Tuesday, 24 April 2012

What I learn at Kindergarten!

“Every time we teach a child something, we keep him from inventing it himself. On the other hand, that which we allow him to discover for himself will remain with him visible for the rest of his life.” Piaget

"More than a quarter of Australian fifth graders believe yogurt is grown on trees and three out of four of them think cotton is an animal product, according to a study from the Australian Council of Education Research."

 

Children who believe that cotton-wool grows on sheep? Now where could they possibly have got that idea from? Could it have come from adult's intentional teaching? I will let you decide after reading this light hearted journey around an early years environment! Could "THEY" be YOU?

Little Emily (4) was taking me on a guided tour; "That is Spring up there, THEY told us, that is my lamb, oh, maybe not that  one, I forgot which one. THEY gave us a paper and there was a lamb on it and then we had to put that white glue on and then that white stuff THEY call cotton wool. It was really hard, it was very sticky and I did it wrong and THEY came and changed it, THEY said the tail was wrong. I did one of those flowers too but we had to make yellow flowers and had to paint a bit of egg box with yellow and green sticks. I wanted a pink flower but THEY said these ones are not pink. Pink is my favourite."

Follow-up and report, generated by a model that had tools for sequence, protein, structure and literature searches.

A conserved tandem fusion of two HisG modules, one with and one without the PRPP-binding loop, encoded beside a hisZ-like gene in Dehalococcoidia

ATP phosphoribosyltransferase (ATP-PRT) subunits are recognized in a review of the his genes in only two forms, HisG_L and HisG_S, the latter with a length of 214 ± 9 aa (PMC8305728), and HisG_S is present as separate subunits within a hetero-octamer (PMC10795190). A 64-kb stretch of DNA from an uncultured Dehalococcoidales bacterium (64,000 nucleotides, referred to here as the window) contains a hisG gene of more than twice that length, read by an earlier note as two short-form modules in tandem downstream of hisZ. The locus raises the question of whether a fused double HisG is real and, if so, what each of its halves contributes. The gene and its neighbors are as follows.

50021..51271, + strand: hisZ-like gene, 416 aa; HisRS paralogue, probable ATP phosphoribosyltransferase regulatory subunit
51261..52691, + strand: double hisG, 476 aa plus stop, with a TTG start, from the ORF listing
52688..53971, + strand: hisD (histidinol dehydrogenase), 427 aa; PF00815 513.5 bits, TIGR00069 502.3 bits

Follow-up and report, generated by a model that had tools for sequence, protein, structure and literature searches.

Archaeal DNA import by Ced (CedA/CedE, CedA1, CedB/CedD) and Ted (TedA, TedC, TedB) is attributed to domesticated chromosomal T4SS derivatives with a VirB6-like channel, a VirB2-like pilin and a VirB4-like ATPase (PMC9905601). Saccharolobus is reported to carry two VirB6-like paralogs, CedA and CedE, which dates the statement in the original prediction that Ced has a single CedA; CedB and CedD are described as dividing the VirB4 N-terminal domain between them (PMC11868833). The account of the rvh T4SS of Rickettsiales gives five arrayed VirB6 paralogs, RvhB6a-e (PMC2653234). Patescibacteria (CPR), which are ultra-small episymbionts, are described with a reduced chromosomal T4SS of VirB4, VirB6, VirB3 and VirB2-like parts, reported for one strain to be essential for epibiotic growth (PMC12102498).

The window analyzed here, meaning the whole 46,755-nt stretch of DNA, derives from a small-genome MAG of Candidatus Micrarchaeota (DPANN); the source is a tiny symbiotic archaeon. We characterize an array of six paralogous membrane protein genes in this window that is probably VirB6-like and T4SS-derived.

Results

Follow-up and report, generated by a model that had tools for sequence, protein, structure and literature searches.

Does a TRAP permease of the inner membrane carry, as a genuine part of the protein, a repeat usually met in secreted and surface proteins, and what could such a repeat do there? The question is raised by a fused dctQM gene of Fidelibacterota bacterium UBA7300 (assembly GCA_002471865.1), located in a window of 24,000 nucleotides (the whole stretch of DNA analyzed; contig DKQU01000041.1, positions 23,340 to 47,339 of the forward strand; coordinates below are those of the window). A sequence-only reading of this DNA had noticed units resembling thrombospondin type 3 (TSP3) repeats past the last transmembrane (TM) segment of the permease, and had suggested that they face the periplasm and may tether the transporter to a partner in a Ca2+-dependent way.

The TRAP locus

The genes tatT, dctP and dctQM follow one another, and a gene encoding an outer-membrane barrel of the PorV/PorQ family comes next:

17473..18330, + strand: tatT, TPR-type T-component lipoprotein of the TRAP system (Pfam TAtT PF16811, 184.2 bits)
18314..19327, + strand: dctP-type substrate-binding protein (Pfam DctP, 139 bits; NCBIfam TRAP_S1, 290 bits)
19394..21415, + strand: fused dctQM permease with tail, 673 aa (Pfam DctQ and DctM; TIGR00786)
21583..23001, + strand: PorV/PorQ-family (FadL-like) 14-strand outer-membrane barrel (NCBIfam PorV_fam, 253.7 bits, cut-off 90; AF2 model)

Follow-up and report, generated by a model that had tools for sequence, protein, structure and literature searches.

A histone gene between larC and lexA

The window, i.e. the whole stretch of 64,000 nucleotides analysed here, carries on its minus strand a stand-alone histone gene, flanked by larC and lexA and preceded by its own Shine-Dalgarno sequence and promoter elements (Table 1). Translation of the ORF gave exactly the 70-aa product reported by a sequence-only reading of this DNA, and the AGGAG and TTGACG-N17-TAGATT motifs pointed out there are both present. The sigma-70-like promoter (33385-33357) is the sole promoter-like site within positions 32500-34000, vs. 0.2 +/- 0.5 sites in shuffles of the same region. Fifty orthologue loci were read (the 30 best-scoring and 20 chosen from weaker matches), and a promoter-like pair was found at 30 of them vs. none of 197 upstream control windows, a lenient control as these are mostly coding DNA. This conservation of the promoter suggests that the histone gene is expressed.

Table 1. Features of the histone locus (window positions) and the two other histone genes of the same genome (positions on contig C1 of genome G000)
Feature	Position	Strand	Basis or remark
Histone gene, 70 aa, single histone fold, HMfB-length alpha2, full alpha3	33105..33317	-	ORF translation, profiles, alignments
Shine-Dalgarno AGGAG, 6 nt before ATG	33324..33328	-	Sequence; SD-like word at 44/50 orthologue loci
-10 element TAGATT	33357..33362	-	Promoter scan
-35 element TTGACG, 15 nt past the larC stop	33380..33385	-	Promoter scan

Celebrating individuality and creativity?
"We also have dough, you can roll it like mum rolls the biscuit dough, but ours is bright red or blue or green and THEY say we can't put it in our mouth. You can make cupcakes and little shapes and pasta BUT you have to sit at the table and you can't take it to the home corner to cook it in the oven. THEY say it is too messy. I made a birthday cake for my baby but THEY said it was time to tidy up and THEY squashed it. I was sad, I wanted to show my baby but THEY said tidy-up time. My daddy cooks in the kitchen, there is no carpet in my kitchen."

 "This is where we can do cooking. This round shape with white at the bottom has some brown stuff on top - THEY call it Spaghetti Bolognaise and you have to take turns to share it THEY say and it is really hard to stir in the pot, it goes bump, bump. We also have potatoes and carrots and onions but you can't cut pieces, they don't go soft or lumpy like my dad's in the cupboard, feel them, when I put them in my mouth I can't taste it and THEY tell me not to eat them cause I have germs! THEY are silly cause I am not eating them, just pretend!"

"This is where the dinosaurs go. We made that volcano! We take newspaper and then THEY put it in watery stuff and then you have to wait and wait for it to go hard. THEY make a hole in the middle....... mmmm I think mountains have a hole in the middle? Then THEY put some white powder in, like my baby's powder, and then some water stuff but it smells bad and you have to hold your nose and then the bubbles came out the top. THEY say that's a volcano. I don't know who put the white powder and smelly stuff in the hole at the top of the big mountain when the dinosaurs came, maybe a giant cause mountains are very big. My dad says the red stuff that comes out is lava and is very hot and burns but our volcanoes just had bubbles and it wasn't hot."
Bubbles from volcanoes - is that really what we want children to learn?